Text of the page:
“You have your collection… and I have mine.”
Welcome to Raven’s End, a sleepy coastal town full of history… much of it ending at the local mortuary run by old Montgomery Dark (Clancy Brown). Following a funeral with a disturbingly small coffin, a young woman named Sam (Caitlin Custer) inquires about the “help wanted” sign hanging outside, and Dark is only too happy to provide a tour while he considers her employment. What follows is a series of tales, each more macabre than the next, as the two of them explore deeper into the heart of the funeral home and into themselves. When the last tale is told and the final secret is revealed, nothing will ever be the same (insert sinister laugh here).
Horror anthologies are an enjoyable and flexible way for a writer/director to explore multiple concepts while still providing an adequate body count and a feature-length running time. From Michael Dougherty’s Trick ‘r Treat to the Creepshow film series, there’s usually a wrap-around story that ties everything together. Director Ryan Spindell has plenty of horror film shorts already to his credit, including one called “The Babysitter Murders” that began as a Kickstarter campaign before being folded into part of this debut feature. With a big-name actor in the lead, five stories to tell, and barely enough funding to get the entire concept shot, cut, and in the can any way they can, does this collection all come together in the end, or does it belong buried in an unmarked grave?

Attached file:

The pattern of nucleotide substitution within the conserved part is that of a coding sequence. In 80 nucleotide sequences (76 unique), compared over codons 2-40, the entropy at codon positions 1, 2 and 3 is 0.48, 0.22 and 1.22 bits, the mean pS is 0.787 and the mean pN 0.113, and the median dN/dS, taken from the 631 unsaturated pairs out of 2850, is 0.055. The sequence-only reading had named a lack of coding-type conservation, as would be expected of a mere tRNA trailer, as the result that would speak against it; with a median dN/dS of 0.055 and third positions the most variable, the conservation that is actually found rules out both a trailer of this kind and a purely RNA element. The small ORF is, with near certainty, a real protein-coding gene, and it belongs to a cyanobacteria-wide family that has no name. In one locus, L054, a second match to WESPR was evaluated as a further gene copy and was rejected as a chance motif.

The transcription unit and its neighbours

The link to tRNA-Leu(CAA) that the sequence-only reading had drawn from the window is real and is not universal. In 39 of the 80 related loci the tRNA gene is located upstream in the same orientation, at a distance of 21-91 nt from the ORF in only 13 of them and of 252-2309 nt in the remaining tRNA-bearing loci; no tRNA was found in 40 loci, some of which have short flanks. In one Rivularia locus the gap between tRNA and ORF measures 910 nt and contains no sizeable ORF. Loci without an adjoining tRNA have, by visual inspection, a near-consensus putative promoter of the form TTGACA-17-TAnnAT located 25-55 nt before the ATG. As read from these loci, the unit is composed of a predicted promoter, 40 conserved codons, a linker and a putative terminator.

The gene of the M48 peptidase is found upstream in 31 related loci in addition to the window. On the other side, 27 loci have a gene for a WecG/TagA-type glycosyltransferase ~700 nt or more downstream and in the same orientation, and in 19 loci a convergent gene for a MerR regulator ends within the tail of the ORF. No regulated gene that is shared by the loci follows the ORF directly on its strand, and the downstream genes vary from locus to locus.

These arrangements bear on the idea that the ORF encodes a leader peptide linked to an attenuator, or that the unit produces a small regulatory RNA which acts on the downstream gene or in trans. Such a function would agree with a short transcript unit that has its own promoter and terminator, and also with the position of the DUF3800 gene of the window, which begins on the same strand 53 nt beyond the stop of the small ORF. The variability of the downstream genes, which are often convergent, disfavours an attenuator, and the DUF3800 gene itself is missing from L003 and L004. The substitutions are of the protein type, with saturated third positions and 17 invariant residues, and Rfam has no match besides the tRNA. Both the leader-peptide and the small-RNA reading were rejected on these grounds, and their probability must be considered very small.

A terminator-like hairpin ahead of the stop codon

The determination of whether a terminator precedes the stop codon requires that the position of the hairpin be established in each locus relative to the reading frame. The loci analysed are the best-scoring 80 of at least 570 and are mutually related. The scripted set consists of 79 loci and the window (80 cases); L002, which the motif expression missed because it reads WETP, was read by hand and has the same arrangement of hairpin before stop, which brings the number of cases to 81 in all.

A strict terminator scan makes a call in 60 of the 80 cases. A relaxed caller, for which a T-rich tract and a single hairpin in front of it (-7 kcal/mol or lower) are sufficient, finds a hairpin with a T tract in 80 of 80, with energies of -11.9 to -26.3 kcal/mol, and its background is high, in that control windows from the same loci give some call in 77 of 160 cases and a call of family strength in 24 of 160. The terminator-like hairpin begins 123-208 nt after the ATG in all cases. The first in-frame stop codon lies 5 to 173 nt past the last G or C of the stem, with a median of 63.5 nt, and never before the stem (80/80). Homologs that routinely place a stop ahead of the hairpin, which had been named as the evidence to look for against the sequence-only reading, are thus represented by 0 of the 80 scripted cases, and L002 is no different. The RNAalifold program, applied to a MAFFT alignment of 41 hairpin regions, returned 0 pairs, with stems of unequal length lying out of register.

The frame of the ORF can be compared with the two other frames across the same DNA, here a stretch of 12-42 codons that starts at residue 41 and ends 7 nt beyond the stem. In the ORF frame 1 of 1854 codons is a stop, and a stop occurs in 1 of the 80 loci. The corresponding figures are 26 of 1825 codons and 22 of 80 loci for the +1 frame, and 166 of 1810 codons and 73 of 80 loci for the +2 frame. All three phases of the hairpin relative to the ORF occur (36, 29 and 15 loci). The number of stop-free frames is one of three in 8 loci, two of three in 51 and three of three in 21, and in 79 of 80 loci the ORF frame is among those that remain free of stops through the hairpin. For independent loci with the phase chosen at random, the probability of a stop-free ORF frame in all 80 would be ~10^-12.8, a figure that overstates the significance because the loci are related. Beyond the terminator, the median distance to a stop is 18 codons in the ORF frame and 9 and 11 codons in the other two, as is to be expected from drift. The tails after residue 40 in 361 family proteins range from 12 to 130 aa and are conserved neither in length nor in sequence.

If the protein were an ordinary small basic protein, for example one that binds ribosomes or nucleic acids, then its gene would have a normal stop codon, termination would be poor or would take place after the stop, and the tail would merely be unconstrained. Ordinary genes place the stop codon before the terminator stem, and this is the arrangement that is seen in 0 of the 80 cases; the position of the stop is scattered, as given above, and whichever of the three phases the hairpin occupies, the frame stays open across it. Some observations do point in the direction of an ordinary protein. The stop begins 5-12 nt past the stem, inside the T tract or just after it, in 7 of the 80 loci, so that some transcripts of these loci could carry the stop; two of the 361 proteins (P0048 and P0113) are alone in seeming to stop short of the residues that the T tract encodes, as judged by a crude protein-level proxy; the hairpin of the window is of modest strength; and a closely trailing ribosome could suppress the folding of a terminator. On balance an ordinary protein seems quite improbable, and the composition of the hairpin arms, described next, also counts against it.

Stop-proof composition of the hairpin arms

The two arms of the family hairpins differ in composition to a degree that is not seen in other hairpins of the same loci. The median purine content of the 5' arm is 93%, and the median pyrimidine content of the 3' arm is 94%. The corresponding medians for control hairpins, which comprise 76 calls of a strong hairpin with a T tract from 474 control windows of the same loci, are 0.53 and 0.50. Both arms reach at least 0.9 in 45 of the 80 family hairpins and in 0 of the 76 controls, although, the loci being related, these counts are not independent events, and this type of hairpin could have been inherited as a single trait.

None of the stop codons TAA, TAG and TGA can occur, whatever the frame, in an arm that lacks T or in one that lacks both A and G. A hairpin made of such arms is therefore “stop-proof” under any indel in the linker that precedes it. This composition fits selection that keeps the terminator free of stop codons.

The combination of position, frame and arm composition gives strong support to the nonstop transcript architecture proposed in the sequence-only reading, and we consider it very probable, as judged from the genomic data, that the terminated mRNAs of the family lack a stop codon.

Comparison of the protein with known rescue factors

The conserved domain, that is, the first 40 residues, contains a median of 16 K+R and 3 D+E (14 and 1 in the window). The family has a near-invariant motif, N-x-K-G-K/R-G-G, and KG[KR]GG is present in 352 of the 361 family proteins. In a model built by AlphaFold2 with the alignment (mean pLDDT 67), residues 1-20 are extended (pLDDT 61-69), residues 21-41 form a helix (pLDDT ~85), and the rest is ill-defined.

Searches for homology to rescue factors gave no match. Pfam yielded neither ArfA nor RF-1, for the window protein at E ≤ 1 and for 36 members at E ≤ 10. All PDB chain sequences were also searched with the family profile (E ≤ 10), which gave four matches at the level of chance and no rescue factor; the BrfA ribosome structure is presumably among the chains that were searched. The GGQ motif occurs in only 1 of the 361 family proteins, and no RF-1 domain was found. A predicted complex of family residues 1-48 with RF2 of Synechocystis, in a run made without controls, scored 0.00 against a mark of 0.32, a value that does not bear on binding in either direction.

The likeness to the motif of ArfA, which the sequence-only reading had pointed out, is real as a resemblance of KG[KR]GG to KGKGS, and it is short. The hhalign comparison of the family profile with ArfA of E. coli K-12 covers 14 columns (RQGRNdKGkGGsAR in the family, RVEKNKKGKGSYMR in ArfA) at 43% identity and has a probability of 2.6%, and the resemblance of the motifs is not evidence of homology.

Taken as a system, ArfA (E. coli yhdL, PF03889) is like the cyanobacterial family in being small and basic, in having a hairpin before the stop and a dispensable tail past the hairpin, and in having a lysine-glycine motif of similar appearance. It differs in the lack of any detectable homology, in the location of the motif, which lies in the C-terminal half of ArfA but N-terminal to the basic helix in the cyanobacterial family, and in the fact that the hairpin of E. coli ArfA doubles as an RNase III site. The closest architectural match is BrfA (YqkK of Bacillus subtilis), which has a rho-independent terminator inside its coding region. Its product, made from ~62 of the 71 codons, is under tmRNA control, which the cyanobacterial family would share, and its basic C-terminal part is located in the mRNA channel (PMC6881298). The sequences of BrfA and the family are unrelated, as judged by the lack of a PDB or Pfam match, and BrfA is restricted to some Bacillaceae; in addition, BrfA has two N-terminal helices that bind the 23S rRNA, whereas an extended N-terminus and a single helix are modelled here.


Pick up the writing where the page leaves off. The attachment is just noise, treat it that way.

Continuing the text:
Appearing to take place between the 1950s and the early 1970s, these individual spine-tinglers strike the perfect discord between humor and horror, including some rather sophisticated storytelling and a willingness “to go there.” Happily unrated and gleefully graphic, each trespass and iniquity receives its just comeuppance, with characters over-punished in classic horror style. The level of detail and attention will convince viewers this is a mid-to-high budget production, but calling in every favor, getting communities involved on location shoots, and a lot of ingenuity delivers some amazing practical effects on the cheap, falling back upon CGI only when necessary. This is the black diamond in the rough every horror fan craves.
The extras included with the collection are just as amazing for both aspiring filmmakers and those who appreciate the dedication that making a movie really takes. Thrift stores, donations, and carte blanche access to studio prop houses enabled the artisans to craft interiors, redress locations, and replicate a period look and feel… even borrowing a few things from other feature films that viewers won’t guess at until they’re shown. In addition to a cast as game as the director, The Mondo Boys not only created the entire film score but five original songs sounding like they were lifted from obscurity in a most Quentin Tarantino way; sadly, the soundtrack is not for sale but damn well should be.
Don’t look for any spoilers here; viewers will have to get their own copies, see the movie, and devour the extras for themselves. Blood, guts, corpses, and exploding body parts are all part of the show, so be warned: this isn’t for the squeamish. Could it earn a sequel and another set of gruesome stories? Spend an evening in Raven’s End for an unforgettable evening… and tell them Ash, Burn-adette, and Char-lie sent you.
The Mortuary Collection is unrated, so suck it up, buttercup.
Four skull recommendation out of four
[…] viewing. Other notable anthologies include Scary Stories to Tell in the Dark and more recently The Mortuary Collection, but such undertakings can be tricky, especially on a budget. This is where storytelling skills […]